Southern Africa has rich biological resources in a variety of ecosystems which range from moist tropical forests in Angola and Zambia to savannas, coastal forests and mangroves, deserts and semi-deserts, and to the extraordinary diversity of plants of the Cape Floral Region, in South Africa. The sub-region boasts an average of 57 mammalian species and 136 breeding bird species per 10 000 km2 (UNDP and others 2000). South Africa ranks as the third most biologically diverse country in the world, mainly because of the richness of its plant life—over 18 000 species of vascular plants of which over 80 per cent are endemic. In terms of numbers of endemic species of mammals, birds, reptiles and amphibians, South Africa is the fifth richest country in Africa and the twenty-fourth richest in the world (DEA&T 1997).
Southern Africa’s rich biological resources play an important role in ensuring long-term food security. Access to genetic resources for crop and animal breeding purposes is also seen as a critical factor. Many species of plants and animals have medicinal properties and most of these are used in traditional healing, some are being investigated for commercial production. Approximately 10 per cent of Southern African plants (roughly 3 000 species) are used medicinally, and 10 per cent of these (about 350 species) are commonly and widely used (van Wyk, Van Oudtshoorn & Gericke 1997). They include Warburgia salutaris, a plant of which the root and bark are used to treat coughs, headaches and stomach problems, and which is fast disappearing in Southern Africa (Cunningham 1993). The locally known ‘African Potato’ (Hypoxis sp) is being researched for the extraction of hypoxicide, a sterol (plant acid) used traditionally to treat dizziness and bladder disorders and which has now been shown to inhibit the growth of tumour cells and also to have antiinflammatory properties (Drewes, Hall, Learmonth & Upfold 1984).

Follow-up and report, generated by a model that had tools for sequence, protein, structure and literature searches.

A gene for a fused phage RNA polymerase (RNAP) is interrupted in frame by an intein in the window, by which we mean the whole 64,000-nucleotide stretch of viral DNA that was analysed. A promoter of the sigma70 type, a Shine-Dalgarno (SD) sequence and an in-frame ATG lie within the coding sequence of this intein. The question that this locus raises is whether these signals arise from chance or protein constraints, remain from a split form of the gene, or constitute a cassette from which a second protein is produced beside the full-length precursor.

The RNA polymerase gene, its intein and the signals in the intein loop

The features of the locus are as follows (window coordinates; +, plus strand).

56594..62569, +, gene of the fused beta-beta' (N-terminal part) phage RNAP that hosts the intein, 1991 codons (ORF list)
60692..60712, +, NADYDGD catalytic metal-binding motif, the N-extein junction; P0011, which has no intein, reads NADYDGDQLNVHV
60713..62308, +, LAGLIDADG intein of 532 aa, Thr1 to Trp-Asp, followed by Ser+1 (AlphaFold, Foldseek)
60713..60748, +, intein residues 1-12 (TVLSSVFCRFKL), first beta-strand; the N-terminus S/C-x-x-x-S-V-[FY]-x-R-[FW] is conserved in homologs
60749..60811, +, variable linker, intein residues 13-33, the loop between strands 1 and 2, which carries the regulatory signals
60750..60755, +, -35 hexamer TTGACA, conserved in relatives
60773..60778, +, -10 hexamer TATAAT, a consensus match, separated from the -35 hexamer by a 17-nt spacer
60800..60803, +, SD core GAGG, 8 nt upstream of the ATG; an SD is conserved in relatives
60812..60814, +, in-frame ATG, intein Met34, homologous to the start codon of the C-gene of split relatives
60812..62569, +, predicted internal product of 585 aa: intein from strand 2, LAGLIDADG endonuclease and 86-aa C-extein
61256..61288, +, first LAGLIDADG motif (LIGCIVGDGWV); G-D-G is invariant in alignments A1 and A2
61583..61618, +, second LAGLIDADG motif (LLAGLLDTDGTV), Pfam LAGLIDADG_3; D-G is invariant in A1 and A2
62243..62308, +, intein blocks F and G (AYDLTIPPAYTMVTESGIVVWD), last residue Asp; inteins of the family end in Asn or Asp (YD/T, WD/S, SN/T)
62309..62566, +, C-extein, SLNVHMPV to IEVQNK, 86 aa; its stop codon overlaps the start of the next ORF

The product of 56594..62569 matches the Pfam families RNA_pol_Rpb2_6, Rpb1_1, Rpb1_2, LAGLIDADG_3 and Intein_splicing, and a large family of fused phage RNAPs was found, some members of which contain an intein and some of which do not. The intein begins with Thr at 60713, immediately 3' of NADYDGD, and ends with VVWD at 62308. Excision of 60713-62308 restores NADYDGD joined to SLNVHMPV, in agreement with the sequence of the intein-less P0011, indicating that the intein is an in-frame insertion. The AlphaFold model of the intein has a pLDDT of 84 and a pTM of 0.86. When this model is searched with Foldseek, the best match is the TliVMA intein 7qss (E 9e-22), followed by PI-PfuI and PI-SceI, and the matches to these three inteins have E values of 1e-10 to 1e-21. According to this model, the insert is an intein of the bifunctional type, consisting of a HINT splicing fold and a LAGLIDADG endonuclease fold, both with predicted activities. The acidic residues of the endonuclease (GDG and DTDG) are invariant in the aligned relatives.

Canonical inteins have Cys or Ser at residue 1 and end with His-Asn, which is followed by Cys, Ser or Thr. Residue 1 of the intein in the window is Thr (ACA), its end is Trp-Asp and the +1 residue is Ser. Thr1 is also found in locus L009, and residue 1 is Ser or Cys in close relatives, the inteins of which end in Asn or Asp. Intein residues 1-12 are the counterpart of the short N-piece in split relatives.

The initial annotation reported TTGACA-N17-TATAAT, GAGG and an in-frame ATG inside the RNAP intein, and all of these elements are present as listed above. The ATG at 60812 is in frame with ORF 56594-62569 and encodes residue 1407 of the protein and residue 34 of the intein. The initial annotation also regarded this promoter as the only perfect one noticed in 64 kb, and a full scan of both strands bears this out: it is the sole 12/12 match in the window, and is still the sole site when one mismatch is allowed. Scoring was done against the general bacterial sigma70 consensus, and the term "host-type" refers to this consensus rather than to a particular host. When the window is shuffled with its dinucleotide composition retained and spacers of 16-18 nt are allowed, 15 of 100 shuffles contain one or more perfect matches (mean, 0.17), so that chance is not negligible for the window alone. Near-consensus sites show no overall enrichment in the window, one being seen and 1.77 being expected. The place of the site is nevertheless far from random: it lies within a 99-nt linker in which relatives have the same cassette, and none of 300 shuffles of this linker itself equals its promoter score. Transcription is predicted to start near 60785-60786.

Ivory and animal skins impounded in Dar-es Salaam, Tanzania
Sabine Vielmo/Still Pictures
As in other sub-regions of Africa, natural habitats in Southern Africa are coming under increasing pressure from expansion of agriculture and plantation forestry, human settlements, mining activities, and other commercial or subsistence activities, both inside and outside of protected areas. Individual species are threatened through habitat loss, selective harvesting, poaching, and through the spread of alien invasive organisms.
One of the greatest pressures on wild species is the trade in plant and animal products, such as ivory, horn, and skins. Over the past 30 years, trade restrictions, mainly through CITES, have been used at the global level as a tool to control trade and thus help conserve populations in the wild. Implementation of regulations has had varied levels of success in Southern Africa. For example, the listing of the Black Rhino in Appendix 1 (species threatened with extinction) of CITES during the 1970s has not helped revive the rhino population which is still too low for breeding and multiplication in the wild. Trade controls have resulted in higher prices being paid on the black market for rhino horn, which in turn encourages poaching of wild populations. As already mentioned, restrictions on the trade in ivory, and sound conservation practices have seen significant growth in national herds of elephant in Botswana and Zimbabwe, and these countries are now pushing for limited trade in ivory to provide economic incentives for continued conservation.
Sub-regional cooperation plays a significant role in the conservation of biological resources in Southern Africa, and the Southern African Convention for Wildlife Management has been successful in regional monitoring, assessment and management of wildlife resources. However, such conservation measures need continued resourcing and support, so that benefits continue to be derived from conservation of species in the wild.Continues on next page